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Research points to CRM rebound

After several years of flat performance, CRM sales jumped last year, driven by rapid adoption of on-demand offerings, report says.

The market for customer relationship management applications grew by 10 percent in 2004, spurred by the uptake of on-demand software, according to a report released Tuesday by AMR Research.

After two years of flat CRM performance, companies began spending more on such software last year, as they focused investments on technologies designed to increase revenue rather than cut costs, AMR said. AMR Analyst Rob Bois said there's reason to believe that the CRM sector will expand even further in 2005 as the on-demand applications driving much of last year's market growth become even more widely accepted.

AMR reported that sales of such hosted CRM applications--or software programs maintained away from an organization's physical premises by a vendor who oversees management of the systems--increased by 105 percent in 2004. However, Bois cautioned that the impressive growth number should be taken with a grain of salt; the industry is young, and the spike will likely level over time.

The analyst said that more impressive than the jump in on-demand CRM revenues has been the news from hosted providers such as that larger companies are embracing the online business tools.

"We anticipated that we'd see some high growth rates for on-demand, and part of that is due to the fact that it is a relatively new market, and that we're at the front edge of its growth spurt," Bois said. "But with the customer counts of Salesforce going into hundred of thousands of users, on-demand is starting to look like a sizable component of the market."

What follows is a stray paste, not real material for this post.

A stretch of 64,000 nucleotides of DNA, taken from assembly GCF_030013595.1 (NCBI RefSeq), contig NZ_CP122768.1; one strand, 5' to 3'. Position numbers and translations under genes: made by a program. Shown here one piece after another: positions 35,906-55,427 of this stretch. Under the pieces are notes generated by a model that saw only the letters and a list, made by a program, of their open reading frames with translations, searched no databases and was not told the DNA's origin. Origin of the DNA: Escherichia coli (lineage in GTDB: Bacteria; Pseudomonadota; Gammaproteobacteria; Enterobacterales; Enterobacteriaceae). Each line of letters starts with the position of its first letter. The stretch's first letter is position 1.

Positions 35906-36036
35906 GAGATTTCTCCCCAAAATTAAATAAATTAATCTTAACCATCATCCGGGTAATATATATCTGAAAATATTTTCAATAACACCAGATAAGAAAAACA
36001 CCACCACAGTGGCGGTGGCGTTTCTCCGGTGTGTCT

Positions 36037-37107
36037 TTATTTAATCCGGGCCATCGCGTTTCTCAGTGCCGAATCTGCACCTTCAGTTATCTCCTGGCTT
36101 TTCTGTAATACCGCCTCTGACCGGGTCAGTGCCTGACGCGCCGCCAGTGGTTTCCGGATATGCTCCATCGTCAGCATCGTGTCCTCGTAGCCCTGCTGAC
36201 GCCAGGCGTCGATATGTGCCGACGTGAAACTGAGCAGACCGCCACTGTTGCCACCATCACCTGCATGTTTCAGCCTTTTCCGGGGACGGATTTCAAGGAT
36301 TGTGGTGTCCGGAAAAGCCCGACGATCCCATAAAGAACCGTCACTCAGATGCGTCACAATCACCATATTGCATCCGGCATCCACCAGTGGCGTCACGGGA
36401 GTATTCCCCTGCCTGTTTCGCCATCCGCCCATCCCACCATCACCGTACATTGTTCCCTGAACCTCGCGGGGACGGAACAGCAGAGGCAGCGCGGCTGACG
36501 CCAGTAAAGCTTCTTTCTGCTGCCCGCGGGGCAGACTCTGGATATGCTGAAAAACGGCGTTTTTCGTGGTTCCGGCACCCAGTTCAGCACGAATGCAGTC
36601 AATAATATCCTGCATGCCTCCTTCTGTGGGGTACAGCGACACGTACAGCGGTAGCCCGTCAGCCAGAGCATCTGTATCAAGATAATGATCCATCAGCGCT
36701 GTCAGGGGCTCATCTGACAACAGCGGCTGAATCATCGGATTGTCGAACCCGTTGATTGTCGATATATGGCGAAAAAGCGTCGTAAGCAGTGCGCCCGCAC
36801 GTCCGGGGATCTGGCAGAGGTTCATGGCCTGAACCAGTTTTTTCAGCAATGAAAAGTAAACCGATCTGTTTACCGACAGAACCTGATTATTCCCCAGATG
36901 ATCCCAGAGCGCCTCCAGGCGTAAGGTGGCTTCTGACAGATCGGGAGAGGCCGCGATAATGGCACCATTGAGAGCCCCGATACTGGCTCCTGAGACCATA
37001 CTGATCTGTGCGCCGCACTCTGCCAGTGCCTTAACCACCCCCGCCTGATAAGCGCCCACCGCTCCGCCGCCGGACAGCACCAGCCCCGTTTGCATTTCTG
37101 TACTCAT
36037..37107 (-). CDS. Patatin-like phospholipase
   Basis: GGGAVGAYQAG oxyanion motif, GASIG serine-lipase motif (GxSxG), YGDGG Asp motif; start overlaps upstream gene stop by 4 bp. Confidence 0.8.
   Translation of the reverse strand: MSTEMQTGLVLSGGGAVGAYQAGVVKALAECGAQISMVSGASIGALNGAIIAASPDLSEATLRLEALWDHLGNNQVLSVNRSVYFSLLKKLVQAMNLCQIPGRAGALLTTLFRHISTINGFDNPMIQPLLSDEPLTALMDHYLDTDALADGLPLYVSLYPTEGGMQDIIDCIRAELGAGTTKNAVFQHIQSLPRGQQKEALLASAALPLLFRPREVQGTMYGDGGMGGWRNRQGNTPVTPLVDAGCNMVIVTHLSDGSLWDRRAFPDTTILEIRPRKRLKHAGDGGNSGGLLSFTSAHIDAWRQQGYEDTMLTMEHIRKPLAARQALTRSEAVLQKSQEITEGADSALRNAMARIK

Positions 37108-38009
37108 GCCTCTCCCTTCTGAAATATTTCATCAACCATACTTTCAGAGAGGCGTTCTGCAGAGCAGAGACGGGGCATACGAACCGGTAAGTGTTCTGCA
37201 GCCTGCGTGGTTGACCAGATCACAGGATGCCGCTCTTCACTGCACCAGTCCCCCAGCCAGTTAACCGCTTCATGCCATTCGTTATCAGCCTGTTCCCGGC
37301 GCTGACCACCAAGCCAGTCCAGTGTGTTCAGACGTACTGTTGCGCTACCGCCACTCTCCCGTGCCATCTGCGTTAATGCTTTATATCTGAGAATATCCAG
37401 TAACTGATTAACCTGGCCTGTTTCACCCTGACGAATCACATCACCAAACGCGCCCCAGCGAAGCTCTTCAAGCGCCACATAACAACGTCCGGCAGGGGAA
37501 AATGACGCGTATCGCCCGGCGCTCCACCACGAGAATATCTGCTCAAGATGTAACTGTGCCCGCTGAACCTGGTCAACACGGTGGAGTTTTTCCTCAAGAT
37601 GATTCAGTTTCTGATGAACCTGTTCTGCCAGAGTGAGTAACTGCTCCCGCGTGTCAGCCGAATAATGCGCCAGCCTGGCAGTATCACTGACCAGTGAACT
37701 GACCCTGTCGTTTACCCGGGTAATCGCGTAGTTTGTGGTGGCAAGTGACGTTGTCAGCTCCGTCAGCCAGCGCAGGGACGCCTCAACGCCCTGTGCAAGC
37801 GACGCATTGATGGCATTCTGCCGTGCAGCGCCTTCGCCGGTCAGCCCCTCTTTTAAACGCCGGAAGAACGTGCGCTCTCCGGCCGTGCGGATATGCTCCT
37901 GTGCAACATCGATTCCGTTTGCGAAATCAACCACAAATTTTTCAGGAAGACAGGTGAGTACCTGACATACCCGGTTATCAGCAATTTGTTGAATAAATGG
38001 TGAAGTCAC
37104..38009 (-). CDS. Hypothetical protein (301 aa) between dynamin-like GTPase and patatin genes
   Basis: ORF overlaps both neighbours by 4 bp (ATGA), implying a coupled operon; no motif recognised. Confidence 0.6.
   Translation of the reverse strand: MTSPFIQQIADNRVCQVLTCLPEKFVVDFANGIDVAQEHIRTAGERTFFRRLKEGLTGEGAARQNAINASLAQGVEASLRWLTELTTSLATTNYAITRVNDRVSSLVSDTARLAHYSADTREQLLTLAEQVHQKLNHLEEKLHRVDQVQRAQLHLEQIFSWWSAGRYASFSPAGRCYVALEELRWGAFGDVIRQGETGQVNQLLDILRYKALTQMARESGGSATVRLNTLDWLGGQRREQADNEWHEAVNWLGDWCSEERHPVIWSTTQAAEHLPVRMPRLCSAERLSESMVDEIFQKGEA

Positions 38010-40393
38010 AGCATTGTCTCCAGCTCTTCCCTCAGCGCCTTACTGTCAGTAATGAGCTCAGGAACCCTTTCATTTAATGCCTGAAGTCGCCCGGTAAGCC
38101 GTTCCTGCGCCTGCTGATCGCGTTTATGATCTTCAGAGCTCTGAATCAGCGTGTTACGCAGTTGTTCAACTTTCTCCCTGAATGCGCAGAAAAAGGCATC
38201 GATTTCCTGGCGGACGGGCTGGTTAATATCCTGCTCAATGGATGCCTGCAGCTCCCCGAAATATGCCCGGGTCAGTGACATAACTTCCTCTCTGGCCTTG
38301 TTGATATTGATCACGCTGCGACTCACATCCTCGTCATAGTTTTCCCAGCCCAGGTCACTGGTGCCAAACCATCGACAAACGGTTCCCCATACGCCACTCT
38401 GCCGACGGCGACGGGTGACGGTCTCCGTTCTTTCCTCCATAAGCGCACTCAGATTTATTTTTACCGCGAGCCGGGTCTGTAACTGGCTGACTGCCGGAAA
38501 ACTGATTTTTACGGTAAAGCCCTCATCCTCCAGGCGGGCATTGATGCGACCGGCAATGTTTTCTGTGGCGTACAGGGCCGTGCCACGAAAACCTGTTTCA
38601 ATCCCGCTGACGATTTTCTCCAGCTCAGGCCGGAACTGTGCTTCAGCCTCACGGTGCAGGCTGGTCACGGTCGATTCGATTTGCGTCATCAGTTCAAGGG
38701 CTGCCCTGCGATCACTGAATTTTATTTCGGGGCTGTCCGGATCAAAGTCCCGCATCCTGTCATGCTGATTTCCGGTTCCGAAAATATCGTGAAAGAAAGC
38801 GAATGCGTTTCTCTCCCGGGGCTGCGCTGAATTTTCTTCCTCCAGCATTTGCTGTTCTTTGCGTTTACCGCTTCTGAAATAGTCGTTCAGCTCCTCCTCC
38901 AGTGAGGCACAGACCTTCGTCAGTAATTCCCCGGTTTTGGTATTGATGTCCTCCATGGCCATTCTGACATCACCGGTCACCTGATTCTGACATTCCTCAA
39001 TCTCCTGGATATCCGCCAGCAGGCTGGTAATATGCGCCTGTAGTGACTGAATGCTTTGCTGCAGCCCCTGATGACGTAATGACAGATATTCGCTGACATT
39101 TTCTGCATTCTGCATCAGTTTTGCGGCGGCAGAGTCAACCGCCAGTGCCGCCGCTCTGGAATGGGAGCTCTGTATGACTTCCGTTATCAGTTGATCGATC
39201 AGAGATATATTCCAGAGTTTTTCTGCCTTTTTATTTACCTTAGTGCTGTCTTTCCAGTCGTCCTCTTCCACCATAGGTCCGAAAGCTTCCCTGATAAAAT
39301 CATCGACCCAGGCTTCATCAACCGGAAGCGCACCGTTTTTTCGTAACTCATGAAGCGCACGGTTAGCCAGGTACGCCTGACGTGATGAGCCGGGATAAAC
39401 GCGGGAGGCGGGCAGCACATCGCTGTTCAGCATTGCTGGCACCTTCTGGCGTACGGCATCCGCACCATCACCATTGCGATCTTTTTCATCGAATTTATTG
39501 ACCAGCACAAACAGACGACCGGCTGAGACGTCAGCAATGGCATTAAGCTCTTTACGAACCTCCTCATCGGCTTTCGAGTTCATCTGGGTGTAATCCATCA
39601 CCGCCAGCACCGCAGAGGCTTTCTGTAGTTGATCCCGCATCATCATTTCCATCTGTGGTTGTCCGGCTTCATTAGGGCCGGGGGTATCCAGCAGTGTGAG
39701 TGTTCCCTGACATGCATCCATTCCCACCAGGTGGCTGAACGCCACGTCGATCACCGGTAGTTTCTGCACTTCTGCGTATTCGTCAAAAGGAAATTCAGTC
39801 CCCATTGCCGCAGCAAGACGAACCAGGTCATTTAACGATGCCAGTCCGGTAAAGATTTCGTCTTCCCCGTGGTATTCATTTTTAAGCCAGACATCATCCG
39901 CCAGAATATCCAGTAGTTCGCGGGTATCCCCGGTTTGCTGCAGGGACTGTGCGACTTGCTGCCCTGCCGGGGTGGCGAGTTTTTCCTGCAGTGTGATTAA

When Salesforce reported impressive second-quarter earnings last week, the on-demand CRM company said it added 41,000 new subscribers during the time frame, bringing its total number of clients to 308,000.

According to Bois, most of the growth of the on-demand CRM market is coming from companies that have not purchased such customer-service-oriented technologies in the past, rather than from businesses swapping out existing installations.

"Our interactions talking to users indicate that the majority of (on-demand CRM) sales are being done at the departmental level of large enterprises, or in the small and midsized business space," Bois said. "I don't think that there's a lot of swapping out going on just yet, but we will likely hear more about that in the future as companies get more comfortable with hosted tools."

AMR also reported that, by its calculations, German software maker SAP has become the world's largest supplier of CRM applications, dislodging longtime front-runner Siebel Systems. Bois said the company surpassed Siebel based largely on its success in certain industries, manufacturing in particular.

"SAP's market share is being vaulted by its dominant presence in manufacturing, a sector that has been less penetrated by CRM, unlike financial services, where Siebel has its strength," Bois said. "SAP's installed base also tends to be very loyal, and we've seen that about half the time, when (an) SAP customer is evaluating CRM, they don't even look outside of SAP; it's fair to say that the other CRM vendors are having a difficult time getting into SAP shops."

Bois said that SAP's approach of marketing a CRM offering that is tightly integrated with its enterprise resource planning, or ERP, tools has also contributed to the company's success, but not necessarily as much as the company's focus on specific niche markets such as manufacturing.

The analyst said that while CRM applications have occupied a sizable share of corporate IT budgets over the last several years, much of that spending has been focused on maintenance. In 2004, companies began looking to expand their projects again. He said that specific areas of the CRM sector, including sales force automation, channel partner management and pricing optimization have seen even faster expansion than other portions of the market.